Net Effect.
1. a simpler build sequence DTD can be defined - Closer to the aims of the current ALFS DTD
2. a modular packaging based DTD can be defined which captures dependency, src location, ARCH's, versions, and all the other information required as prerequisites to the build.(this area requires considerable thought)
3. the modular system allows for dissolved responsibility - a package maintainer maintains the build.xml document and the appropriate xml files for the packaging application. 
4. Highly customisable distributions. Each branch can be considered an object like entity with self validating dependency chains.


 would we want to do this? am I getting too far ahead for my own good?

I still see remaining problems but I will have sleep on them for now 

J





  ----- Original Message ----- 
  From: Mark Ellis 
  To: alfs-discuss at linuxfromscratch.org 
  Sent: Wednesday, November 14, 2001 9:23 PM
  Subject: Re: new dtd - mkdir element


  On 2001.11.14 20:03 Jay Bennie wrote:
  > one of this issues that could spell the doom of this project is the
  > overflexibility of the element definitions, is it not better to enforce
  > the structure, there for providing a situation which is known to be
  > stable allowing for optionality only where optionality really exists?
  > 
  > i.e I'm no expert in XML but what about this?
  >  (Simply keeping optionals at the end)
  > 
  > <!ELEMENT mkdir ( dir, (base | mode)?, mode?)>
  > 
  > I have noted that you said the attribs needed to be in order, may i ask
  > why?  
  > 
  > PS. it may not be relevant to have a validating dtd at this point, but it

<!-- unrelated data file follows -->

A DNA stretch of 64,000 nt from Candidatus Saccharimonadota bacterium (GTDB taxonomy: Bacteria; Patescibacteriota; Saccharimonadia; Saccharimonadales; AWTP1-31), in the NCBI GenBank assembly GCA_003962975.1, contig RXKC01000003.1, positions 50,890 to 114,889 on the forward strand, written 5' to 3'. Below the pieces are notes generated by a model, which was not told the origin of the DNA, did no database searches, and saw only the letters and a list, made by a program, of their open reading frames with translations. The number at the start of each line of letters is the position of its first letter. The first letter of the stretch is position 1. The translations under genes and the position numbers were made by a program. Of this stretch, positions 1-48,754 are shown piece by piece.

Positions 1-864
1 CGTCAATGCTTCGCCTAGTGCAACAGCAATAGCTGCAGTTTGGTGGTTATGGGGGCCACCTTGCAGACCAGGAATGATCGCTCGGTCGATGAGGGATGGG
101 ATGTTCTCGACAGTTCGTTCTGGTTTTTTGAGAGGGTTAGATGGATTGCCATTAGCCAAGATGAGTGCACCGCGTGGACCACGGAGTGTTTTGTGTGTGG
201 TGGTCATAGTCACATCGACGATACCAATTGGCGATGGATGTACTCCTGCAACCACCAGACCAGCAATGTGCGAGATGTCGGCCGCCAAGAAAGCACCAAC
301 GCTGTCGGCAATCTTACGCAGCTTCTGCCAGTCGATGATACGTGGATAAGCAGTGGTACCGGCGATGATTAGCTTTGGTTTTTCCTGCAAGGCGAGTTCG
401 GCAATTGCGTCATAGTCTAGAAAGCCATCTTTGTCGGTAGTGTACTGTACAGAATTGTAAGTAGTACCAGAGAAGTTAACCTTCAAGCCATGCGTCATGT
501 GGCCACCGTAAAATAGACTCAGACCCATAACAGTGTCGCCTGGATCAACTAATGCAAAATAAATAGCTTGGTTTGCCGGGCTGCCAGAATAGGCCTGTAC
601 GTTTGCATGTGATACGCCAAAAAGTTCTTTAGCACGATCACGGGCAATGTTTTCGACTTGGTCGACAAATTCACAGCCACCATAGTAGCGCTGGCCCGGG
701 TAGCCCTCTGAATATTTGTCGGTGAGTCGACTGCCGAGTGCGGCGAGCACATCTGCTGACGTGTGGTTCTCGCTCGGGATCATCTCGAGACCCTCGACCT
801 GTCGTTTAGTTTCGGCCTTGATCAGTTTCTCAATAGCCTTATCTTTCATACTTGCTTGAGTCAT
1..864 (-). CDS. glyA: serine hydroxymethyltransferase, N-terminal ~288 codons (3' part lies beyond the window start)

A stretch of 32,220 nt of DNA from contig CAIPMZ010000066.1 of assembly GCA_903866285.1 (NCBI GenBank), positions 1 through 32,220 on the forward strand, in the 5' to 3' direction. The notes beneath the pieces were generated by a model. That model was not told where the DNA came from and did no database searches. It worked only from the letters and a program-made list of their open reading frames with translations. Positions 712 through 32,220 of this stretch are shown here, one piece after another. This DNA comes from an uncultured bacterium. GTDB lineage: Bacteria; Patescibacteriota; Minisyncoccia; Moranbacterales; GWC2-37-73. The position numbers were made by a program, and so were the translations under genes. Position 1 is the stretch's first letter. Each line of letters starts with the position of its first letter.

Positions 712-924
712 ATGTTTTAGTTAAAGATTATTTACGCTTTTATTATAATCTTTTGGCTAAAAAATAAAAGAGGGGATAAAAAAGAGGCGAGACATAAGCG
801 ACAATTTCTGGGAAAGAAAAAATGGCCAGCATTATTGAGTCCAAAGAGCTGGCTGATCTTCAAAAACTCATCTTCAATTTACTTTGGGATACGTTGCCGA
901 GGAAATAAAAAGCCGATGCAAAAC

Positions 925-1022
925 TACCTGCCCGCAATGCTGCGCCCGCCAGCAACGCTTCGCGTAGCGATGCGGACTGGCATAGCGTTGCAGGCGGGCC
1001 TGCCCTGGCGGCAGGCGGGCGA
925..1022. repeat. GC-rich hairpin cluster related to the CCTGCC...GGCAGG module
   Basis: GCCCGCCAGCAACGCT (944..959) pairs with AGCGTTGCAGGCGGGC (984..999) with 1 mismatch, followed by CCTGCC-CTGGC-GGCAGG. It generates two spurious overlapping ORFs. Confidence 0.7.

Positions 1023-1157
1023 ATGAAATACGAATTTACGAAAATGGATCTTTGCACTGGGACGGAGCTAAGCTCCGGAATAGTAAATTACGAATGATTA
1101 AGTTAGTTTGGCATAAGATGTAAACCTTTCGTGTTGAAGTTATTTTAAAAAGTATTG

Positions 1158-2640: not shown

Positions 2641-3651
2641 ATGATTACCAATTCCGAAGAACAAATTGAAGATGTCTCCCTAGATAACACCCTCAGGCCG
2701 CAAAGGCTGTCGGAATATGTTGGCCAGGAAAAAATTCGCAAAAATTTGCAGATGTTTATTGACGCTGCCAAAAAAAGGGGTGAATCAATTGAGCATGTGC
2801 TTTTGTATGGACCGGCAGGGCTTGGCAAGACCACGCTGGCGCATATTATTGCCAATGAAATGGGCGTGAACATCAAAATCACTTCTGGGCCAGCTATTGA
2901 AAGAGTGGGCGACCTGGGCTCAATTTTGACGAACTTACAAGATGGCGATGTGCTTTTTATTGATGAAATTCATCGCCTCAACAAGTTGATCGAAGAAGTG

> may be in the future. Should the question not be how soon would we need a
  > validating dtd? and why? 
  > 
  > Jay

  I actually agree, i like the version that enforces positioning, and i think
  a strong dtd is "a good thing", but since the new synatx is in the early
  stages it needs feedback.

  In answer to your question, that's just the way a dtd works. Your variation
  is saying the first sub-element _has_ to be dir, which can be followed by
  either a single base or mode element, or base or mode followed by mode. So
  dir mode mode would be perfectly legal according to this dtd fragment, but
  nonsense in alfs terms. Dir base base would be invalid, but equally so
  would mode base dir.

  There is actually a more flexible XML Schema, but i get the impression it's
  quite young, and i don't know of anything that actually uses it yet, not
  that i've had a good look. When and if it catches on however, it will
  actually solve this kind of problem.

  Mark

  > 
  > ------------------------- Original message
  > --------------------------------------
  > 
  > ....
  > 
  > And just to see if i can wake anyone up, back to something i mentioned
  > earlier, about the dtd dictating the order of elements. I'm in a quandry
  > so
  > i'll spell out the options.
  > 
  > This  is what i started with, for example using <mkdir> :-
  > 
  > <!ELEMENT mkdir (base?, dir, mode?)>
  > This says mkdir has an optional element base, a compulsory dir, an
  > optional
  > mode, and each can appear no more than once. Sounds perfect,
  > unfortunately
  > they have to be in that order or it's not valid. I then thought of :-
  > 
  > <!ELEMENT mkdir (base | dir | mode)*>
  > 
  > This says the three sub-elements can appear in any order, however it also
  > says you can have any or all of them in any quantity, for instance six
  > bases and no dirs, which obviously makes no sense. Next we have :-
  > 
  > <!ELEMENT mkdir ((base | dir | mode)?, (base | dir | mode)?, (base | dir
  > |
  > mode))>
  > 
  > So we can have between one and three sub-elements, in any order, however,
  > they can be of any combination, so you can still have 3 bases and no
  > dirs.
  > And that is as good as it gets. We can either have freedom without proper
  > validation or validation with a more constrained syntax.
  > 
  > I should point out again that this has very little effect on backends,
  > it's
  > just to do with defining a dtd for the syntax, if we're not bothered
  > about
  > a validating dtd it doesn't matter at all. Any thoughts ?
  > 
  > Mark
  > -- 
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  > 
  >